Corollary 4.2.3. Let R be a ring. If R is left (right) duo or reversible, then the polynomial ring R[x] is not n-weakly clean for any positive integer n.

Formal power series rings over commutativen-weakly clean rings are however n-weakly clean, as shown in the following:

Proposition 4.2.7. LetR be a commutative ring and let n be a positive integer.

Then the formal power series ring R[[x]] is n-weakly clean if and only if R is n-weakly clean.

Proof. Suppose that R[[x]] is n-weakly clean. Then it follows by the isomor-phism R ⇠= R[[x]]/(x) and Proposition 4.2.2 that R is an n-weakly clean ring.

Conversely, suppose that R is n-weakly clean. Let y=P1

i=0rixi 2R[[x]]. Since R isn-weakly clean, we have thatr0 =u1+· · ·+un+eorr0 =u1+· · ·+un e, where u1, . . . , un 2 U(R) and e 2 Id(R). Then y = e + (u1 +r1x +r2x2 + . . .) + u2 +· · · + un or y = e + (u1 + r1x +r2x2 + . . .) + u2 +· · · + un. Note that e 2 Id(R) ✓ Id(R[[x]]), u1 + r1x + r2x2 + · · · 2 U(R[[x]]) and ui 2U(R)✓U(R[[x]]) (i= 2, . . . , n). Thus,R[[x]] is ann-weakly clean ring.

We next show that being n-weakly clean in a corner of the ring R implies being n-weakly clean in R.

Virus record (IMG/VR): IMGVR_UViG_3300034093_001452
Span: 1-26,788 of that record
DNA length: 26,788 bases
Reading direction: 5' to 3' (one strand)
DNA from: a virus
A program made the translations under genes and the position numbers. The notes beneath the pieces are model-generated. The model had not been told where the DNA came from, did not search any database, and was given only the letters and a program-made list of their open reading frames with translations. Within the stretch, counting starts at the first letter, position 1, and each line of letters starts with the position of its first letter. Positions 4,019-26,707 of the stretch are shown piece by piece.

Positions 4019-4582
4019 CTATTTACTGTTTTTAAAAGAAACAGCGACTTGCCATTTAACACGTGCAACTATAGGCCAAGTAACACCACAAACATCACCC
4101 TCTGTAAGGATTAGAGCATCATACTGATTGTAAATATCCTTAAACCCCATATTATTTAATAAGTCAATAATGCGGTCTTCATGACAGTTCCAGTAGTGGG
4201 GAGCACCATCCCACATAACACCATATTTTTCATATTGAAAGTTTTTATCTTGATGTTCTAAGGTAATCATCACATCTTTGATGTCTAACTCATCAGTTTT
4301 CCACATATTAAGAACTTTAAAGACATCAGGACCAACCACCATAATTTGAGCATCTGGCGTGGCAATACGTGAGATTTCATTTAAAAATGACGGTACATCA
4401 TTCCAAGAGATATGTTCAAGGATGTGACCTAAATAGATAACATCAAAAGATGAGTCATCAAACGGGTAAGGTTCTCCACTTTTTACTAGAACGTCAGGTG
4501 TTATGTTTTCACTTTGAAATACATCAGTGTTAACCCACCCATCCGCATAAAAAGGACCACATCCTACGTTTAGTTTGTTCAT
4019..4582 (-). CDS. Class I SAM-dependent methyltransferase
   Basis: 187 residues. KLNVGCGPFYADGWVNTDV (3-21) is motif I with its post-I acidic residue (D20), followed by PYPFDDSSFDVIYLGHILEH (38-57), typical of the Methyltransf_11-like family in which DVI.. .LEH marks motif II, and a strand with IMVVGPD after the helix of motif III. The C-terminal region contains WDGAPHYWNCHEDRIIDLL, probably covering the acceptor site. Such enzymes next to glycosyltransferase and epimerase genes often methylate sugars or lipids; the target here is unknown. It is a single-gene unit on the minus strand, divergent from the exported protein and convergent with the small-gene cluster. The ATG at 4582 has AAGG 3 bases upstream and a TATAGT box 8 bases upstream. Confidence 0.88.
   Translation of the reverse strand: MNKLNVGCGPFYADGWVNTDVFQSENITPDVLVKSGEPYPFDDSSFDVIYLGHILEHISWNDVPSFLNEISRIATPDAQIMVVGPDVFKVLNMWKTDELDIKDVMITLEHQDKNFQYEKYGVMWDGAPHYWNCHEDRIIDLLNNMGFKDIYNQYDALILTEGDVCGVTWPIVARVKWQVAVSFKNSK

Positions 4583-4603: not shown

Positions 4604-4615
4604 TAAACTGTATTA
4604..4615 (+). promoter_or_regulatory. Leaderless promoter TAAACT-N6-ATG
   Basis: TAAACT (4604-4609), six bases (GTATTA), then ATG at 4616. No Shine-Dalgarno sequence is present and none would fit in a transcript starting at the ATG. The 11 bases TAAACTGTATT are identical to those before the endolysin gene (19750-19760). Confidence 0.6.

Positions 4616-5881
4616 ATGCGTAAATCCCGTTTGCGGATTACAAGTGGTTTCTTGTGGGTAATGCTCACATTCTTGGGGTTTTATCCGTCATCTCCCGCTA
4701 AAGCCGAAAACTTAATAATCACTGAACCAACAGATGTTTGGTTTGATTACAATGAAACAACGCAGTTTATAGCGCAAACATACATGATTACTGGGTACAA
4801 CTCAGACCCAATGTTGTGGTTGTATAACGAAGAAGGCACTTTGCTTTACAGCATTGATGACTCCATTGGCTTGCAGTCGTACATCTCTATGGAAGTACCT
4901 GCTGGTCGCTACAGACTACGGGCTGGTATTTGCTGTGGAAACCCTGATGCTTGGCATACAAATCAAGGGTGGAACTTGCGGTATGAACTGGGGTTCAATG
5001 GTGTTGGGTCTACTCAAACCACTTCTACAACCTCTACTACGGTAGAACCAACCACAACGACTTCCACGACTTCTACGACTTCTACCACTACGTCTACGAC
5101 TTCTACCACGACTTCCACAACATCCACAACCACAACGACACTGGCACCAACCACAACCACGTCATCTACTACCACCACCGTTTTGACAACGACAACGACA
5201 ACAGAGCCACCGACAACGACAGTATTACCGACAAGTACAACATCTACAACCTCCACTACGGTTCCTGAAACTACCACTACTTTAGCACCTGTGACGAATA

Theorem 4.2.1. Let R be a ring and let e be an idempotent in R. For any positive integer n, if x2eRe isn-weakly clean in eRe, then x isn-weakly clean in R.

Proof. Suppose that x = v1 +· · ·+vn +f or x = v1 +· · ·+vn f, where f2 = f 2 eRe and vi 2 eRe such that viwi = e = wivi for some wi 2 eRe (i= 1, . . . , n). For n even, let

ui =

(vi+ (1 e), i= 1, . . . ,n2, vi (1 e), i = n2 + 1, . . . , n.

Then u1, . . . , un are units in R with ui 1 =

(wi+ (1 e), i= 1, . . . ,n2, wi (1 e), i= n2 + 1, . . . , n.

Hence, x (u1 +· · ·+un2) (un2+1 +· · ·+un) = f or x (u1+· · ·+un2) (un2+1+· · ·+un) = f inR. That is, xis n-weakly clean in R.

For n odd and x=v1+· · ·+vn+f, let ui =

(vi (1 e), i = 1, . . . ,n+12 , vi+ (1 e), i= n+32 , . . . , n.

Then u1, . . . , un are units in R with ui 1 =